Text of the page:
Third, in the world of computers, phones and internet, none of the players like me.  Google, as noted above, burped and shut me down.  It’s Gmail service which I use with Android on my phone quit working, sometimes, other times working just fine.  The fix, I was told by the nice lady at T-Mobile was a “factory reset.”  Liar.  I still have the problem and between T-Mobile and Google, I can’t reload some of the apps.

Not to be outdone, AT&T has been flaky at the office for some time.  The decision was finally made to switch to Comcast which will happen on Monday.  AT&T’s DSL, apparently sensing the rejection has been even more flaky, shutting down, reappearing, shutting down, repeat constantly.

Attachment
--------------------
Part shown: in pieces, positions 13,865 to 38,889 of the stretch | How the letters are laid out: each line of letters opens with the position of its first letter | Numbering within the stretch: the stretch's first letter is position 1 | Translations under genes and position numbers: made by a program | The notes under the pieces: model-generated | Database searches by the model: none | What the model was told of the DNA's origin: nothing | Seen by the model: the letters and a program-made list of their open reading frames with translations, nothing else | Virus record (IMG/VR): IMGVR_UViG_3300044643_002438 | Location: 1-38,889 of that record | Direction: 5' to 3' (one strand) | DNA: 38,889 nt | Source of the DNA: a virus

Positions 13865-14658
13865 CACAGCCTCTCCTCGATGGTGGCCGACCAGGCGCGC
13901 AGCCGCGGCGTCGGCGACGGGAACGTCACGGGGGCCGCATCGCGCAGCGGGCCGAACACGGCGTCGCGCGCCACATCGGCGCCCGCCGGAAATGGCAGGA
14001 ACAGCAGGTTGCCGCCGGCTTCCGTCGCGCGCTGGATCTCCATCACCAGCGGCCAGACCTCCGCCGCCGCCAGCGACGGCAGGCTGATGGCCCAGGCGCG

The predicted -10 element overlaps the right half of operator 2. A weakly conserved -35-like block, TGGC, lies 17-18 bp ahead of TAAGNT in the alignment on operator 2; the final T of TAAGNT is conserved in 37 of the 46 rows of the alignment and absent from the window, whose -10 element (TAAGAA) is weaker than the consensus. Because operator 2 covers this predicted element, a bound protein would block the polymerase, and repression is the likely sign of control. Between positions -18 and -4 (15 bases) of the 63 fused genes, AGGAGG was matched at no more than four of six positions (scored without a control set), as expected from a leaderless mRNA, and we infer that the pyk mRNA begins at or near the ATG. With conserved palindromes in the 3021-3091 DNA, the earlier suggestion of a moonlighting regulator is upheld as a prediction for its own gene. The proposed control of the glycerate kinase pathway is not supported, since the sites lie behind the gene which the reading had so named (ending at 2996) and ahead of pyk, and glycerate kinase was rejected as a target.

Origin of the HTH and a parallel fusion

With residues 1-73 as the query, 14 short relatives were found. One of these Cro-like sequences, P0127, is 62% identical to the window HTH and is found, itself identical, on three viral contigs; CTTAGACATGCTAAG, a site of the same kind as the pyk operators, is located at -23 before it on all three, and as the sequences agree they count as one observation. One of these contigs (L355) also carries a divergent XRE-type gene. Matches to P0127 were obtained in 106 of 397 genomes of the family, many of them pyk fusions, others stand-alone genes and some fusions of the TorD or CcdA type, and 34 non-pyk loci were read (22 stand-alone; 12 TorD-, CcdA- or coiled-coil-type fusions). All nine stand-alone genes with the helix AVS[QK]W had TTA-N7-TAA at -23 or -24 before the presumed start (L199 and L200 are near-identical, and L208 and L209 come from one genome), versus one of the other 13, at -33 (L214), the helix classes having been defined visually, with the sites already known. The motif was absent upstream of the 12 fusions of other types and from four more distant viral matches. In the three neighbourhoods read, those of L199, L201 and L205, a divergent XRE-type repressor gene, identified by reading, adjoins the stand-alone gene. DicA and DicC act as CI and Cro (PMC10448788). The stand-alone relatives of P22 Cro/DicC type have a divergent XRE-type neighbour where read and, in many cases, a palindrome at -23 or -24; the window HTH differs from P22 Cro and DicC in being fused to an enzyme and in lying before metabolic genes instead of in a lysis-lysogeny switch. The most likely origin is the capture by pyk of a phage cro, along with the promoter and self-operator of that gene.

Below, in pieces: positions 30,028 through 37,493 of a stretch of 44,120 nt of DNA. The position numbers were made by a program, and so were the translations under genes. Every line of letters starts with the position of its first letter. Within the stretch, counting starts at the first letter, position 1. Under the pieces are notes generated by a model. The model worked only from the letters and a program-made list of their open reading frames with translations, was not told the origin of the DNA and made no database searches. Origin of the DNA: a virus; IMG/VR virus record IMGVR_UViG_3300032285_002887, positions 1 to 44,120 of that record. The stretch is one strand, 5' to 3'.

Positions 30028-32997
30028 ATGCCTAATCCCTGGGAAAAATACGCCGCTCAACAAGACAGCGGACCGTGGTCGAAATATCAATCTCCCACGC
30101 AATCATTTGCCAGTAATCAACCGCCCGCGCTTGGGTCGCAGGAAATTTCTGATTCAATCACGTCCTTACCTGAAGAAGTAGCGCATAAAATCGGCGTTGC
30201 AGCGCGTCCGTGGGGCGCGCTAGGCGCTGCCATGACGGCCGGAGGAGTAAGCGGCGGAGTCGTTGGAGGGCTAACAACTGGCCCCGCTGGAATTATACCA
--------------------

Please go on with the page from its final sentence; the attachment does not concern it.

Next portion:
Fourth, for me, I’m working a lot amidst all of these distractions.  I’m going to have to do something about that.

How was your week?

Tuesday, August 16, 2011

Did al Qaeda actually win?

The United States has spent something just short of $8 trillion on security (military, homeland security and Iraq and Afghanistan) since 2001.  The increase in the deficit during that period?  About $8.2 trillion.

Factor in the Wall Street/Bank bailout a few years ago and spending for every thing else actually went down.

Gotta watch those welfare moms, the lazy unemployed, shiftless Medicaid recipients and illegal aliens sucking up all our tax dollars.

Friday, August 12, 2011

Old Number 6

The Atlanta Braves are retiring Bobby Cox's number tonight.  This is a slightly revised re-run of a post I did last September: